TOP PROSPECT: RHP Noah Syndergaard. Most believed Syndergaard would reach the majors in June, but he was slowed at Triple-A Las Vegas by a right elbow injury, a left shoulder injury and the hitter-friendly conditions of the Pacific Coast League. Manager Terry Collins said Syndergaard (7-4, 5.31 ERA) might not even be recalled in September, but his star hasn't dimmed -- he appeared in the Futures Game for the second straight year Sunday, when he earned the save -- and the Mets will likely want him to get his feet wet over the final month in anticipation of beginning next year in the rotation.

QUOTE TO NOTE: "Now what we have to do is go out and play like we did this homestand. You're not going to do it every night. But for the most part, if you play consistent, play smart fundamental baseball, we'll get back in the hunt." -- Mets manager Terry Collins


MLB Team Report - New York Mets - ROSTER REPORT


--LHP Jonathon Niese (left shoulder strain) went on the 15-day disabled list retroactive to July 5. He underwent an MRI exam July 7 that revealed inflammation in his A/C joint. He was prescribed anti-inflammatory medication. He threw July 10, and the Mets hope he can return for the second series following the All-Star break (July 21-23).

--C Taylor Teagarden (left hamstring strain) went on the 15-day disabled list retroactive to June 22. He began on a rehab assignment with the Gulf Coast League Mets on July 12.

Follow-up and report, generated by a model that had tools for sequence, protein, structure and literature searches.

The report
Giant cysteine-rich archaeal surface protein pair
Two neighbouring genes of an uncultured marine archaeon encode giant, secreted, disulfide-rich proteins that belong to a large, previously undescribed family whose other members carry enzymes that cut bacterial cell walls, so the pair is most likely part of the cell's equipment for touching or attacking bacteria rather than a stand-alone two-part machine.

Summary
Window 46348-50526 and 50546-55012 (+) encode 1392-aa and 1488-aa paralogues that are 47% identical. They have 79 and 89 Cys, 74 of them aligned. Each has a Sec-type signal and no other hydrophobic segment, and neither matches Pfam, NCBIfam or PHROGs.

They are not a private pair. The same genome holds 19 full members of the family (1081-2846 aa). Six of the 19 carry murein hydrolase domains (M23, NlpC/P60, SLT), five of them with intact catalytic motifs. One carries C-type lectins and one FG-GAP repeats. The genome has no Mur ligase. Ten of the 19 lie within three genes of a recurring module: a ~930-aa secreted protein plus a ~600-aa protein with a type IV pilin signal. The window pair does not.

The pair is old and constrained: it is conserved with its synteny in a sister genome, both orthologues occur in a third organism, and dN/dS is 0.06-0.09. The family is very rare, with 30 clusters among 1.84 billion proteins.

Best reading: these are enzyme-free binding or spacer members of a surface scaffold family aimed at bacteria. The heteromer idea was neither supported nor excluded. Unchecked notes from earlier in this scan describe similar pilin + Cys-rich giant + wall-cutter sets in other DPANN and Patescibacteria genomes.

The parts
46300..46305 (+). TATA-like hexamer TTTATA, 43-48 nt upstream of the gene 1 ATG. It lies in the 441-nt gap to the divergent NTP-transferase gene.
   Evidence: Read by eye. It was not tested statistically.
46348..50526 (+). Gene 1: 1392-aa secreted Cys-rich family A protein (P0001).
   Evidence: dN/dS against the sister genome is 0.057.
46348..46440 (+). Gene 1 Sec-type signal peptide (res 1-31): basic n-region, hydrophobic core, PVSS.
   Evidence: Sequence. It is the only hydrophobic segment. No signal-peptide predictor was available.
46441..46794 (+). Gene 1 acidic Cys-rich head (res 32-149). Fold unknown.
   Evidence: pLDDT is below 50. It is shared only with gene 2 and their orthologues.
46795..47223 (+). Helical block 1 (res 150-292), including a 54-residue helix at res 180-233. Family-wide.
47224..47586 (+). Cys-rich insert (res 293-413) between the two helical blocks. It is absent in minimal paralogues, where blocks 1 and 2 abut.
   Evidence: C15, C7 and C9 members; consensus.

--RHP Matt Harvey (Tommy John surgery in October 2013) went on the 60-day disabled list March 30. He threw from 120 feet May 9. Harvey was supposed to throw off a mound on June 10 but the Mets wanted to slow his rehab a bit. He threw long-toss June 19. He hopes to pitch in September.

--RHP Jeremy Hefner (Tommy John surgery in August 2013) joined the Mets in Miami to do rehab work on May 6. He threw off a mound for the first time since his operation on June 10, when he threw 15 pitches at the Mets' spring training complex. He hopes to rejoin the major league club before the end of the season.

--RHP Bobby Parnell (Tommy John surgery in April 2014) went on the 15-day disabled list retroactive to April 1, and he was transferred to the 60-day DL on May 14. He will miss the entire season.


RHP Bartolo Colon

RHP Zack Wheeler

RHP Jacob deGrom

RHP Daisuke Matsuzaka

RHP Dillon Gee


RHP Jenrry Mejia (closer)

RHP Jeurys Familia

RHP Carlos Torres

LHP Josh Edgin

RHP Vic Black

LHP Dana Eveland

RHP Buddy Carlyle


Travis d'Arnaud

Anthony Recker


1B Lucas Duda

2B Daniel Murphy

SS Ruben Tejada

3B David Wright

INF Eric Campbell


LF Eric Young Jr.

CF Juan Lagares

RF Curtis Granderson

OF Bobby Abreu

OF Chris Young

OF Kirk Nieuwenhuis